Private blog networks (PBNs) have been influencing the search engine result pages (SERPs) in one way or another for several years. In the past all you needed was a network with strong Page Rank and you could boost most sites.
After several updates from Google to include Hummingbird, its ability to determine the topical relevance of a website has increased dramatically. With that, the effectiveness of links from unrelated websites has decreased considerably. Couple that with the fact the Page Rank is no longer updated and you are left looking for a new way to determine the quality of potential PBN sites. Today we are going to look at why PBNs are used and how they are created.
What is a PBN and why are they Used?
A private blog network is a collection of websites owned by one person or company, which is used to place links for clients to increase organic search rankings. Large blog networks are targeted by Google because they are very effective at manipulating the search results. You may have heard about one of the many large networks being taken down by Google in the past few years but there are numerous small networks that slide under the radar.
A few years ago it became clear that the best way to rank a website was by creating contextual backlinks on authority pages. As I mentioned, in the beginning, the Page Rank of a website was really the most important factor. If you were to get enough high Page Ranl links, you could rank for nearly anything. Webmasters and SEOs alike realized that building a blog network could give them an advantage, especially for competitive organic searches. Even better, since the topic of the sites was not very important, you could rank sites in several verticals with a single network.
How Is a PBN Set Up?
Domain Selection & Registration
The first and one of the most important steps in creating a PBN is domain selection. PBN builders find domains in a variety of ways including domain auctions, scraping expired domains and buying them from domain vendors. Once the domains are selected, they are registered privately to avoid leaving a footprint pointing to one person or company as that would reduce the effectiveness of the sites and increase the likelihood of the PBN getting penalized or de-indexed.
For a long time Google has been able to see where a site is hosted (IP Addresses) and as such, they give reduced value to multiple links coming from the same location. To avoid this with PBN sites, builders set up hosting accounts with different hosting services for each site. Some people use SEO hosting but in many cases this has been shown to be less effective than using unique hosting for each website.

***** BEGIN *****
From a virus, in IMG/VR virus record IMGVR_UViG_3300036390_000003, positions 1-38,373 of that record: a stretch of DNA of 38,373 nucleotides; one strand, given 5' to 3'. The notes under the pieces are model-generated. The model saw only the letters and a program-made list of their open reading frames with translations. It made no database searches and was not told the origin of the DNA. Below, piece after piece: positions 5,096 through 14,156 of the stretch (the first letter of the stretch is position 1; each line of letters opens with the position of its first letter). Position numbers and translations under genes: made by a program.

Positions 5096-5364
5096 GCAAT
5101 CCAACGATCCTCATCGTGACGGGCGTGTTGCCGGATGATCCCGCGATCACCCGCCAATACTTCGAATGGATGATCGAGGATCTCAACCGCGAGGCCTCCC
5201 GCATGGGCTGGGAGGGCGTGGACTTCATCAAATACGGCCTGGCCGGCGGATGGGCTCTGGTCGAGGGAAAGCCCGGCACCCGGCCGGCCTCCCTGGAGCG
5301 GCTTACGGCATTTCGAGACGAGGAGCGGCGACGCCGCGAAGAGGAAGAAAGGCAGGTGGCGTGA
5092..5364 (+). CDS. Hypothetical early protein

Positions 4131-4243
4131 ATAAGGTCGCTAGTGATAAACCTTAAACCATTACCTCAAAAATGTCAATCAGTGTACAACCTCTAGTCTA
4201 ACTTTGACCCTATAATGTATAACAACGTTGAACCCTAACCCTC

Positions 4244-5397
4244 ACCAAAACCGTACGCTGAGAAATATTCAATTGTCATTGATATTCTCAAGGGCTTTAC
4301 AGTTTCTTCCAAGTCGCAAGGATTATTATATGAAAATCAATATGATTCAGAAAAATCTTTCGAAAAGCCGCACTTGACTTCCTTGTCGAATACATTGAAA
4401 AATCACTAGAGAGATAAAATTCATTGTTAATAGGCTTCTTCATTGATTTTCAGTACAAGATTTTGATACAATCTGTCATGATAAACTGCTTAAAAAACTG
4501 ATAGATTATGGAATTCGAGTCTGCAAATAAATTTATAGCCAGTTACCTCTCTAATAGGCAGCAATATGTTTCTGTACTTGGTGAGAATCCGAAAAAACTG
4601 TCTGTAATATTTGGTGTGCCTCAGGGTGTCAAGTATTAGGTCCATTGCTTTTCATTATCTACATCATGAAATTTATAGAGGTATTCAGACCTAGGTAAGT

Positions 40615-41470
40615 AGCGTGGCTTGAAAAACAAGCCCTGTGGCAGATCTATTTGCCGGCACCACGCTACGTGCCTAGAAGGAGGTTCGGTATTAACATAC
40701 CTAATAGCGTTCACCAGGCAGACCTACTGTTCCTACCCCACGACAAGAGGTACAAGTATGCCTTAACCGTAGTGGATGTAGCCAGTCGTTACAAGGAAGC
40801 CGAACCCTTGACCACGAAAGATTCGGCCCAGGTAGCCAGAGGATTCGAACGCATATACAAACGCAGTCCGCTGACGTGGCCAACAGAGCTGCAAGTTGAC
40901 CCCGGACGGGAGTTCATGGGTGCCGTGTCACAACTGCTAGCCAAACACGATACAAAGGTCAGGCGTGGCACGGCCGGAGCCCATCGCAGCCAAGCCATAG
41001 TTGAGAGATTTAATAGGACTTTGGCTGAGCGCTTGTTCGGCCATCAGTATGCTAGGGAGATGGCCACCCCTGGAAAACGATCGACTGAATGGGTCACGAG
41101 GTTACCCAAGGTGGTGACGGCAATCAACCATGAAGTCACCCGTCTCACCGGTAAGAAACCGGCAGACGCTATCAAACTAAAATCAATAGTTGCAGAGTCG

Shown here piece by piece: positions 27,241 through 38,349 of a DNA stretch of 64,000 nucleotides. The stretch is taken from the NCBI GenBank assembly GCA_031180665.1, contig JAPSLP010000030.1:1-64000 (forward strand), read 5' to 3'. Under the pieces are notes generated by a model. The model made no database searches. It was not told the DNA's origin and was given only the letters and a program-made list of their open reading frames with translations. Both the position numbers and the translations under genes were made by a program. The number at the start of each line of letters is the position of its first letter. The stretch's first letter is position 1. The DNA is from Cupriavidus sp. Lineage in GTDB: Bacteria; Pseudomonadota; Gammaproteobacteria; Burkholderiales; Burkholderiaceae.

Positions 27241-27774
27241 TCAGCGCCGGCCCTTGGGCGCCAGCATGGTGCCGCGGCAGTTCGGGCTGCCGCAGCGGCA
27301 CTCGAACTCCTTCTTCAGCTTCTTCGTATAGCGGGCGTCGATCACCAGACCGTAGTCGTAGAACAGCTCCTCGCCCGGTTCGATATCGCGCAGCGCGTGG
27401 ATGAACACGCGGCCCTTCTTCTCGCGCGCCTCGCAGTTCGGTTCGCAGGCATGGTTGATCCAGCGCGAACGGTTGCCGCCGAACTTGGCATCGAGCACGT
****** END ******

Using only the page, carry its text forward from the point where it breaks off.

PBN builders get content in one of two ways, new blog posts or restoring the old site. Adding several blog posts to a website related to your topic is the more common way of populating a PBN site. Alternately, many people have starting using the Wayback Machine which archives websites. Here is a snapshot of WebsiteMagazine.com in 2007:
As you can see, the archive contains images and text from past versions of the website. PBN builders look for websites that were already relevant to the topic of the new site they are trying to rank and use the Wayback Archive to rebuild the old site. This method is also pretty common but if you are not careful, you may run into copyright issues, especially if a new version of the old site exists on a new domain.
Creating Social Signals
Smart PBN builders came to the realization that it looks suspicious for a bunch of high authority sites to suddenly be created and link to a new site that nobody is talking about. In order to avoid this suspicion, social signals are being used as part of the PBN building process. Creating social signals for the PBN sites has correlated to increased rankings for the money site being linked to by the PBN. Creating signals for the money site has been further correlated with improved rankings and reduced penalty risks.
Once a PBN is fully built, it is a common practice to limit the number of outbound links places. Imagine that a PBN starts with 100 ranking points. Each new link added divides that power (e.g. 2 links = 50 points per link). The total power of the PBN is used to determine how many outbound links should be placed. In addition to limiting the total links placed, the speed at which links to any particular site are added should also be regulated. Getting numerous high power links all in one day would look suspicious for a website that hasn't been linked to in years.
Over to you
While a PBN runs the risk of getting de-indexed or penalized, the ranking power of this strategy cannot be denied. I hope the brief overview will help you better understand what PBNs are and the basics of how they are built.
What do you think about using Private Blog Networks for SEO initiatives?